HIV ‘cure’ based on one patient? Here’s what you need to know

Kevin Lomangino is the managing editor of He tweets as @KLomangino.

“Cure” is one of the seven words we think you should avoid in health care journalism.

Stories from The Guardian and other news outlets demonstrate why this term shouldn’t be thrown around carelessly.

Their blaring headlines today raise hope that a cancer drug could “cure” HIV infection — a global scourge affecting millions.

But this potential cure is based on results from just a single man whose reservoir of dormant HIV-infected cells went down after treatment with the cancer drug nivolumab.

Further down in the story we learn that this man has only been followed for about four months, and there’s no telling if his reservoir of infected cells might increase again.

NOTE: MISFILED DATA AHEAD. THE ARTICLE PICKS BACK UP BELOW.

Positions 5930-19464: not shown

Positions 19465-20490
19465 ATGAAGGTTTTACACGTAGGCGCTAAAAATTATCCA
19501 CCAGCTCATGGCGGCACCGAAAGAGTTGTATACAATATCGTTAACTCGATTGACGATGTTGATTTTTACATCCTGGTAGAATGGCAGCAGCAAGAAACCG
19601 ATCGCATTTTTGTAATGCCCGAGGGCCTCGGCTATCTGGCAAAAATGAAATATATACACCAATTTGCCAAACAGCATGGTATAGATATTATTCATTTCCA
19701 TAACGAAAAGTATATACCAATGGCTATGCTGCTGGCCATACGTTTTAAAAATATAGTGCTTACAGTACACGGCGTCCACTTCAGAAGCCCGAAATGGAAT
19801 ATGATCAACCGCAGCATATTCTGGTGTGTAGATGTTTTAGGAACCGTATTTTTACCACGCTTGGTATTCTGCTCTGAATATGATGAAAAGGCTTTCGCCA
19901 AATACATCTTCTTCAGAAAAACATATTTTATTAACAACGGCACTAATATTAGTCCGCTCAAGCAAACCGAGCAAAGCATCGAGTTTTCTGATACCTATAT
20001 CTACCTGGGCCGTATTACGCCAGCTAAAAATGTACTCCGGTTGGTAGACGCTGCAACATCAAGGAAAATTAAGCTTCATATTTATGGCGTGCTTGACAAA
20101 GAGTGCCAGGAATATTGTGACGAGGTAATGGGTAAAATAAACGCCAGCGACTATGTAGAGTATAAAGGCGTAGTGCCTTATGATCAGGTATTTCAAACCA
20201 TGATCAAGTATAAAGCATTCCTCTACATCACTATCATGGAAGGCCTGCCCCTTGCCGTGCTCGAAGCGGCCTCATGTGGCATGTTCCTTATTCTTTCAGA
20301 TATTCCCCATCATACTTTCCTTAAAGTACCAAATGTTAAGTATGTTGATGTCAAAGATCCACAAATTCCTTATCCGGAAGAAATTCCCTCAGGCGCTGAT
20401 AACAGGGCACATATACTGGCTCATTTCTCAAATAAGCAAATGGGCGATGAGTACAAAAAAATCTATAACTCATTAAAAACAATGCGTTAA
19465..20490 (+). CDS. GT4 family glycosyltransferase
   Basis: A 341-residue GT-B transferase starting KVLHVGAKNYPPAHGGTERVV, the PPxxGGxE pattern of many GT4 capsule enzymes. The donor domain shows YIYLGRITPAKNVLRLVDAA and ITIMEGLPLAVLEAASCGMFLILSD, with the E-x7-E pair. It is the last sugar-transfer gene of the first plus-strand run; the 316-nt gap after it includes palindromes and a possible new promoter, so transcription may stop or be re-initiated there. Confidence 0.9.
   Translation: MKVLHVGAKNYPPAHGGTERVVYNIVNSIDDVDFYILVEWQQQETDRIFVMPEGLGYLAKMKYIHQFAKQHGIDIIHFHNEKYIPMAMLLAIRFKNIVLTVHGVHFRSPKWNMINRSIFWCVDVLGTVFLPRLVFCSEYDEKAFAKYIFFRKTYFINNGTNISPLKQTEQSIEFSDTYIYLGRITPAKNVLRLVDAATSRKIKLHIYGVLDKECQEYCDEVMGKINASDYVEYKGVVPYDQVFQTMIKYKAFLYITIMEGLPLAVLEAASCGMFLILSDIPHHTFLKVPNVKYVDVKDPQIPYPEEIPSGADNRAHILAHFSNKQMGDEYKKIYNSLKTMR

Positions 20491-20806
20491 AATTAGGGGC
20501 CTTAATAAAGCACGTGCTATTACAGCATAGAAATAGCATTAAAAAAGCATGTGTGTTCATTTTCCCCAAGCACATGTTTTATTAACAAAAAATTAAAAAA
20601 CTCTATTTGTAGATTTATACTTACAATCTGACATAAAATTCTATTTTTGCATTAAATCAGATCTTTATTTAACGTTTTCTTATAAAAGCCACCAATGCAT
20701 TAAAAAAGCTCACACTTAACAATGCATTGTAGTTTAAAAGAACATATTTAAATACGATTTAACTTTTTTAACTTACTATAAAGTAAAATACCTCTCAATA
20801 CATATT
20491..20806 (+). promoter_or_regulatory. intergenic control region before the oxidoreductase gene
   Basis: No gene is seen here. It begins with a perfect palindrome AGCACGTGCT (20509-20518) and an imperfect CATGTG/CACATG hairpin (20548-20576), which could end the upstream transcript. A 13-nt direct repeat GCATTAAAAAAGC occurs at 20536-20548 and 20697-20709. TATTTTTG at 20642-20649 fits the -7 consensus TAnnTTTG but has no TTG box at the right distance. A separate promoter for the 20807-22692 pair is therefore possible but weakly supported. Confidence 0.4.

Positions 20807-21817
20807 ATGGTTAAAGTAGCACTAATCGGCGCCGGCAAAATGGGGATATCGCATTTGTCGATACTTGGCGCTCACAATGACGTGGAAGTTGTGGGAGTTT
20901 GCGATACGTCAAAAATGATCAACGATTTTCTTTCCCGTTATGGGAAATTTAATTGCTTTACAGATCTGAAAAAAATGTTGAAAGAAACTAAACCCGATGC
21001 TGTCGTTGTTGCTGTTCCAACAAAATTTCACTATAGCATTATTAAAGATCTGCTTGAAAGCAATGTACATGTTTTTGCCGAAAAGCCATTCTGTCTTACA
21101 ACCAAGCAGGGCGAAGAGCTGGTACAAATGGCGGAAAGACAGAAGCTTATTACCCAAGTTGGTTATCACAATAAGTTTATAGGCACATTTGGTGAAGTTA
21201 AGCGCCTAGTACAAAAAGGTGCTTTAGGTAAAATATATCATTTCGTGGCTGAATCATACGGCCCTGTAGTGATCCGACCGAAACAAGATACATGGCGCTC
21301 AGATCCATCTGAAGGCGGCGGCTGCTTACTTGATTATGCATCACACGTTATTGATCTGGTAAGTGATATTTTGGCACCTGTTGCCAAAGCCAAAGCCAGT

We also learn that a second man with HIV saw no benefit from the drug.

Then the only quoted source who’s not affiliated with the study says that “talks of cure are premature.”

One thing we don’t learn from The Guardian story is this: three out of the seven study authors have received payments from Bristol Myers Squibb, which makes nivolumab.

Today is World AIDS Day, a day when the global community is urged to show support for people living with HIV.

Hyped headlines touting a possible cure based on one patient aren’t supportive of patients at all. They tease false hope that ultimately can hurt the people who are suffering.

Let’s be clear: this was an intriguing and possibly important observation about one man’s lab test results — the headlines should have stuck to that.

There will be plenty of time to praise a “cure” — if that’s what it turns out to be — once the evidence is in.

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